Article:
Painting Soho London Wooden Floor Boards - Prepare, Fill, Prime and then Paint a Wooden Floor
Here the client wanted to keep the living space clean throughout with white walls and light floors, creating light and space throughout the apartment.
We all know the practicalities of living with white / ivory carpets, especially in the hallway and living areas.
So after much debate, we went for the option of painting the existing floor boards. Overall they were in good condition, so it did seemed a shame not to use as a feature and retain the true character of this 1890's Soho building.
Soho London project
Can I paint over wallpaper or should I strip it?
Best results are always achieved by removing the old wallpaper back to the original wall surface and thoroughly preparing that surface for painting. But saying that, in many cases there is a reason as to why the walls have been papered in the first place. In older buildings, where the surface walls are in poor condition, a patterned or embossed wallpaper can hide a multitude of sins.
Where a wall surface is in bad condition, a matt finished busy patterned wall paper will disguise very well the unevenness, lumps, bumps and cracks of the walls. When the wallpaper is painted with a uniform colour, the true condition of the surface will be revealed, especially if an eggshell finish is required.
If you are confident that the wall surface is in good condition, the seams are not overlapped and generally all the paper is well stuck down, you may have a case to go ahead with painting over the wallpaper.
The wallpaper has to go!
Ok, we have made the decision that the wallpaper has to go. Now the fun begins.
How long will my room take to strip?
This will all depend on the type of wallpaper, whether it has been previously painted or not, with what type of paint it was painted with, and, what type of surface is below the wallpaper. All these factors will determine the speed of which the paper can be removed.
Do I use a wallpaper steamer, home made remedies or wall paper stripping products?
There are many wallpaper removal products on the market. If you would like to use a manufactured product, I would recommend DIF Liquid WallPaper stripper. This is a patented enzyme wall paper stripper that has a superior and more effective blend of wetting agents. These agents speeds up the penetration and soaking process and also the re-solubilisation of the paste. The product is available in concentrated solutions of 650ml, 1ltr and 2.5ltr containers. A 2.5ltr container will make up to 30 litres of solution.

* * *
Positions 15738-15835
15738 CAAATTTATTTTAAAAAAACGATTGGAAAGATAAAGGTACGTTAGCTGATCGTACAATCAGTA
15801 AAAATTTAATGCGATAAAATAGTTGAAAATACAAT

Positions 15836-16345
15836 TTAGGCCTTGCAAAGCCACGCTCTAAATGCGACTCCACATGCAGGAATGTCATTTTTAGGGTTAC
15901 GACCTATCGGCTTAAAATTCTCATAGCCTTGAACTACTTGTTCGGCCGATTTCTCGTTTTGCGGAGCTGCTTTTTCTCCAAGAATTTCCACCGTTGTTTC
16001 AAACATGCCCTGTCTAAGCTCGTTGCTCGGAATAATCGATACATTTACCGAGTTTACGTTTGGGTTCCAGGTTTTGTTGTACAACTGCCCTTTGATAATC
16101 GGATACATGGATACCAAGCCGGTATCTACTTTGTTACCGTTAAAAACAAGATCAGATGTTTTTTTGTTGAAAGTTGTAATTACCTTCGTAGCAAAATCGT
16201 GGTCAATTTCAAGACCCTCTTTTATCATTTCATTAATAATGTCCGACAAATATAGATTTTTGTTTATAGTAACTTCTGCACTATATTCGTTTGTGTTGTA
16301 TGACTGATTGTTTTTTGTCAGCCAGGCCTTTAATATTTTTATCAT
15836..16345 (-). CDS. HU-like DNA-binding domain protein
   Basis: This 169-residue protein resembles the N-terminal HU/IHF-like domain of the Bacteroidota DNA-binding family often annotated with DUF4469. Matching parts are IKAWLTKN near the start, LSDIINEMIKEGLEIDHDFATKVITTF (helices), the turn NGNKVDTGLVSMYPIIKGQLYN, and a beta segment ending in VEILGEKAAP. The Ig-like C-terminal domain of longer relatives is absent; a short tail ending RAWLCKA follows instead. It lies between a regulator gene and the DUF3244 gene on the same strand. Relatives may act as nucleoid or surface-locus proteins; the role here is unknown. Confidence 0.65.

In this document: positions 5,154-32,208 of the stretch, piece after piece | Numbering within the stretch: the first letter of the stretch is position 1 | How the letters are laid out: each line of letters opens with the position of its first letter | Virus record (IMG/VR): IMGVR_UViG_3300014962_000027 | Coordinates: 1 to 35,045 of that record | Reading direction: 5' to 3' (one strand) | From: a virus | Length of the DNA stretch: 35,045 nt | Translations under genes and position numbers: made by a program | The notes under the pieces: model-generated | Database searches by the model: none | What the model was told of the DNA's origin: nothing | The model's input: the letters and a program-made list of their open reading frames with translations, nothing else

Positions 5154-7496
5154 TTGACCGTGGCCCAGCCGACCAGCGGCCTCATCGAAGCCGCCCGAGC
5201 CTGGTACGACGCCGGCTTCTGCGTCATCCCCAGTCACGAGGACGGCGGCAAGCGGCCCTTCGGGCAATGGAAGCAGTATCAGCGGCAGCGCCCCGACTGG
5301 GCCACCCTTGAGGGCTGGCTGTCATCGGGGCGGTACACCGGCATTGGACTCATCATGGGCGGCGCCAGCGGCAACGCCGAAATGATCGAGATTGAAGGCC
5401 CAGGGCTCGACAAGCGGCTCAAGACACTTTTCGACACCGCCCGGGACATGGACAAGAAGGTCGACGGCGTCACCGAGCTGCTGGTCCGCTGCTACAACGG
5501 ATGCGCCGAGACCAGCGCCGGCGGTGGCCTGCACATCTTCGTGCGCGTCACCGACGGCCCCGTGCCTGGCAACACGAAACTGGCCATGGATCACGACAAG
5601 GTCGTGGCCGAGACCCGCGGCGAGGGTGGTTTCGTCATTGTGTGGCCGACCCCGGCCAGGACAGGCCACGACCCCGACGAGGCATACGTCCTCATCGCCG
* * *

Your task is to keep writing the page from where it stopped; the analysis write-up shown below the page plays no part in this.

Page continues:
When it comes to using wallpaper steamers, yes they are very efficient but one has to be concious not to damage the surface below. On older properties, where the plaster has dried out over the years and become porous, the steam will penetrate the plastered walls and blow the plaster from the brickwork. This will result in having to re-plaster large sections of walls.
If the wallpaper was applied directly to a non primed dry lined wall, a wallpaper steamer will damage the paper surface of the plaster board.
Painters in Central London's method, which has proved very
successful over the years is a solution of sugar soap and hot water.
The key is to be patient !!! ...
and to let the water solution do all the hard work.
If you end up scraping dry paper underneath then you haven't soaked it enough and waited sufficient time. The stripping of wallpaper can be very satisfying and therapeutic and often there is an urge to get stuck in too early.
Be patient.... good things come to those who wait.
Types of wall paper and their removal process
Traditional wallpaper is porous and uncoated. These papers absorb water and any type of manufactured wallpaper remover, therefore these types of papers are the easiest to remove. Apply a good soaking to the paper and then wait for a short period of time for the water to penetrate. The time will vary depending on the porosity of the paper. It is then advisable to apply a second soaking, wait again for it to soak in and then your patience will have paid off.
Coated wallpapers tend to be wipeable and therefore difficult for the water to penetrate through the vinyl or acrylic surface coating. You will therefore need to thoroughly score the surface prior to soaking the paper. Soak the paper as with traditional papers and be patient for the soaking process to work.
Vinly wallpapers are generally manufactured with a surface vinyl covering and a backing paper. Most vinyl papers can be peeled away from the backing paper leaving it intact with the wall surface. The backing paper can then be removed as in the same method of removing a traditional wallpaper.
Painted wallpaper removal is similar to removing coated wallpapers but generally the surface is a lot harder and more difficult to score especially if coated with a gloss paint on an embossed wallpaper. Make sure the surface is thoroughly scored and again follow the two time soaking method.
Multiple layers of wallpaper need time and patience. Generally each layer will need to be addressed individually, scoring and soaking as you go. If you have several layers of traditional wallpaper, with a good soaking of the paper, three or four times, multiple layers can be removed in one go. Again, let the water and sugar soap solution do their work first.
Painting walls that have been stripped of wallpaper
The biggest obstacle for anyone decorating a wall that has been stripped of wallpaper is dealing with the adhesive that is left on the wall surface. Generally the paste will need to be softened and removed by washing it down and removing it with a wide scraping blade. If you apply an emulsion to the wall containing adhesive, the paint will soften the adhesive and you will find yourself painting on a sticky surface.
Painters in Central London
07889 506 242
Mon-Sun : 7am - 9pm
Painters in Central London Andrew GARD -
23 Brewer Street Soho London W1F 0RN